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06.06.11Eric Santos

Roots of Water Conservation

Even though there may be a few common fundamental threads to saving water in residential landscapes and commercial landscapes, the execution and success to water conservation in commercial landscapes becomes much more challenging to achieve due to the magnitude and complexity of commercial irrigation systems.

From its highest perspective, water conservation in both residential and commercial landscapes is achieved in the following three ways;

1. Plant palette modification, which consists of replacing high water using landscapes with lower water use or drought tolerant / native plant material.

2. Improved Irrigation scheduling which involves frequent adjustments to match changes in evapotranspiration (ET) or weather. Advanced irrigation programming techniques such as utilizing multiple start times to cycle and soak irrigation events will reduce runoff and waste. Utilizing multiple or all the programs available on a controller to group and water plant material with similar water requirements will prevent over watering unnecessarily. If programmed and operated correctly on a well designed, installed and maintained irrigation system, smart controllers with on site ET or soil moisture sensors can help ensure irrigation schedules are appropriate and excessive irrigation minimized.

3. The third fundamental way to reduce water use is by improving the efficiency of the irrigation system in the ground. The easiest and most commonly over looked way to do this is by performing regular system inspections to correct deficiencies such as tilted and sunken sprinkler heads and correct basic repairs. Advancements in irrigation technology such as high efficiency sprinklers and nozzles, pressure regulating devices, and check valves can improve a systems efficiency as well. A certified landscape irrigation auditor can recommend coverage and hydro-zoning improvements to ensure the irrigation system is operating and applying water evenly and efficiently with matched precipitation rates with a high degree of distribution uniformity.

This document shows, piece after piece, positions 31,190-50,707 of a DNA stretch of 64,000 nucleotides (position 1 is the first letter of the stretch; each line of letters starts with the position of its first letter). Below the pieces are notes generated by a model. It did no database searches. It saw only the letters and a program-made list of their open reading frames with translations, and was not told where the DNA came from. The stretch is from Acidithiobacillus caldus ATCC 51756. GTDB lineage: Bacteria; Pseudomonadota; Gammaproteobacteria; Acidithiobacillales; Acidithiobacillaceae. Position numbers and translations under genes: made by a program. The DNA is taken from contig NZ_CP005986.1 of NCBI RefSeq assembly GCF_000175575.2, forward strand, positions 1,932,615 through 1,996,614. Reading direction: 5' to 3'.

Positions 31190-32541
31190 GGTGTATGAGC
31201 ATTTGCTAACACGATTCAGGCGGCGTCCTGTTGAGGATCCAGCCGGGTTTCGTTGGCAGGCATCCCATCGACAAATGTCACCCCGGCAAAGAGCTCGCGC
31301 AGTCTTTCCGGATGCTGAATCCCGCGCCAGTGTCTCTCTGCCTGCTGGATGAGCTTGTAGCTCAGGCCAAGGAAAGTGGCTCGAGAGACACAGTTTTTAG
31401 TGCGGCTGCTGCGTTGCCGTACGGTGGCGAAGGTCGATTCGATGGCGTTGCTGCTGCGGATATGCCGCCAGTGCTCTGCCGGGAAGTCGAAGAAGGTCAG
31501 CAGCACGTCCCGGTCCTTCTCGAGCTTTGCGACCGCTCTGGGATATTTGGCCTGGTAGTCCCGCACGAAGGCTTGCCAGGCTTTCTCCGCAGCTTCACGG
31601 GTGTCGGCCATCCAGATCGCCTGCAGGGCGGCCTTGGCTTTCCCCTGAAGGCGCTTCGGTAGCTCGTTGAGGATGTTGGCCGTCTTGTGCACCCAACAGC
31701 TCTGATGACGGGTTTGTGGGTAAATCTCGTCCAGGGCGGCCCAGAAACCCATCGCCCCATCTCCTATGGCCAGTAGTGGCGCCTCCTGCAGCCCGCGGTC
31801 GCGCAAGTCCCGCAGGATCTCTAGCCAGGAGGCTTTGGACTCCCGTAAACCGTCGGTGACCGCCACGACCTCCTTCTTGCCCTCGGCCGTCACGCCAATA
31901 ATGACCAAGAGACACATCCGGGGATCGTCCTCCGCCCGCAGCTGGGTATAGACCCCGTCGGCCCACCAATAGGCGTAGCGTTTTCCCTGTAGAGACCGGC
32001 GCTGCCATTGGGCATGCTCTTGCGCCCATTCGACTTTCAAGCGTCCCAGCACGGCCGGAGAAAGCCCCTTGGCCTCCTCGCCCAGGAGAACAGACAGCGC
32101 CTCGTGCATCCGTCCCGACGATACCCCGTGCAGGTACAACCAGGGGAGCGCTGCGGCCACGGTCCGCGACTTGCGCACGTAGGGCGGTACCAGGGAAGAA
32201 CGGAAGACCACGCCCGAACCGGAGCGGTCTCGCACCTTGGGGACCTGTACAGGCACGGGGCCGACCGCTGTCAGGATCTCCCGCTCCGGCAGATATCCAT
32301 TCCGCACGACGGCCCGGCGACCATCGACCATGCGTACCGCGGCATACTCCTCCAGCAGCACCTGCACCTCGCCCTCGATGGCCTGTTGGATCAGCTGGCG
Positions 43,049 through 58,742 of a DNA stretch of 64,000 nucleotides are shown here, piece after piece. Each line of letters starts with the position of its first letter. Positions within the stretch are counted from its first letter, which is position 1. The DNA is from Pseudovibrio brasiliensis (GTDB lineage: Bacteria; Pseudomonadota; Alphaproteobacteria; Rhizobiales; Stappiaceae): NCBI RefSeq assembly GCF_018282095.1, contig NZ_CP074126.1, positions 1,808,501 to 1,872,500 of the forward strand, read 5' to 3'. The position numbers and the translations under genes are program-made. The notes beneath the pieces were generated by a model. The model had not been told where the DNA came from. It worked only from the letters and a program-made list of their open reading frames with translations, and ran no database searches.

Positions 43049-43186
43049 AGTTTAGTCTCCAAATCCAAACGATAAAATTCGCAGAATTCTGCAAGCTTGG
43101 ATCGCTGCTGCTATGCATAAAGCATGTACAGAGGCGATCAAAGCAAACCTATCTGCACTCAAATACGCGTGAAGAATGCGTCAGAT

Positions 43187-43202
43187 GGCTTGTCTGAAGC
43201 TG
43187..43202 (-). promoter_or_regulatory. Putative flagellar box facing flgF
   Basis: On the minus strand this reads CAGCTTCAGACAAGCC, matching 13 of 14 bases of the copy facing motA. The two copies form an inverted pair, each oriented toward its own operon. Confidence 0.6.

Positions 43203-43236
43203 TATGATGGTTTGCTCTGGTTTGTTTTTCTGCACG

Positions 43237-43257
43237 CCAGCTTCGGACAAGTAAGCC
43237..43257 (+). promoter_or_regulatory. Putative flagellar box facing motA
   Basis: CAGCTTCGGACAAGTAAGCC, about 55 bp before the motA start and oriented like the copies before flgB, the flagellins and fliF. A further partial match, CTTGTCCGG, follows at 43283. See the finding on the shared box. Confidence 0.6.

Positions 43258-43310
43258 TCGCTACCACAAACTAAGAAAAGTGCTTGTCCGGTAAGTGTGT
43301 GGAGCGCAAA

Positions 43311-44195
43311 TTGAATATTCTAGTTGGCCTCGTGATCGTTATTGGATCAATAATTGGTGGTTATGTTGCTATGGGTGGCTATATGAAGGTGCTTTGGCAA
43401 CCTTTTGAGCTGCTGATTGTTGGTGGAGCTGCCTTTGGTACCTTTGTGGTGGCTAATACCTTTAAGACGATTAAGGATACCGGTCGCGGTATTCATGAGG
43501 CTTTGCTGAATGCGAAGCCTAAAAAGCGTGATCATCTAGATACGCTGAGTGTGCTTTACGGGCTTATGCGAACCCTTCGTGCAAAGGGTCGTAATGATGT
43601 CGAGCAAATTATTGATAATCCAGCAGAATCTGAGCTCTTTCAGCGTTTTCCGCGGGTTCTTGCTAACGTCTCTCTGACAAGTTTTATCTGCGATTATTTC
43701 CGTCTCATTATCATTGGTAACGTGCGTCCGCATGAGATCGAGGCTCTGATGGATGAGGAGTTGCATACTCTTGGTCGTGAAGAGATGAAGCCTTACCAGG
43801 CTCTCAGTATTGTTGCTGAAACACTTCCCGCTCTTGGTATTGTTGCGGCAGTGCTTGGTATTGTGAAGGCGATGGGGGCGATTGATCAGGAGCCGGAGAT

Implementing one of the three fundamentals mentioned above without one or two of the others could result in little or no water savings at all. In order to maximize savings plants must be watered to their individual specific needs by a well maintained system with as few deficiencies as possible. Good fundamental water management will not only save earths most valuable resource but will result in a lower water bill and a healthier landscape.

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Eric Santos

Eric Santos has over 17-year of experience in landscape irrigation and has focused on irrigation technology and recycled water retrofits throughout his career. As the Division Leader for Irrigation and Water Management, Eric provides oversight and support of irrigation operations for the maintenance division and leads the division’s rigorous irrigation training program. Eric holds every Irrigation Association Certification in landscape irrigation and serves on the Irrigation Associations Education Foundation’s Board of Trustees and as Vice Chair of the Irrigation Associations Contractor Common Interest Group.

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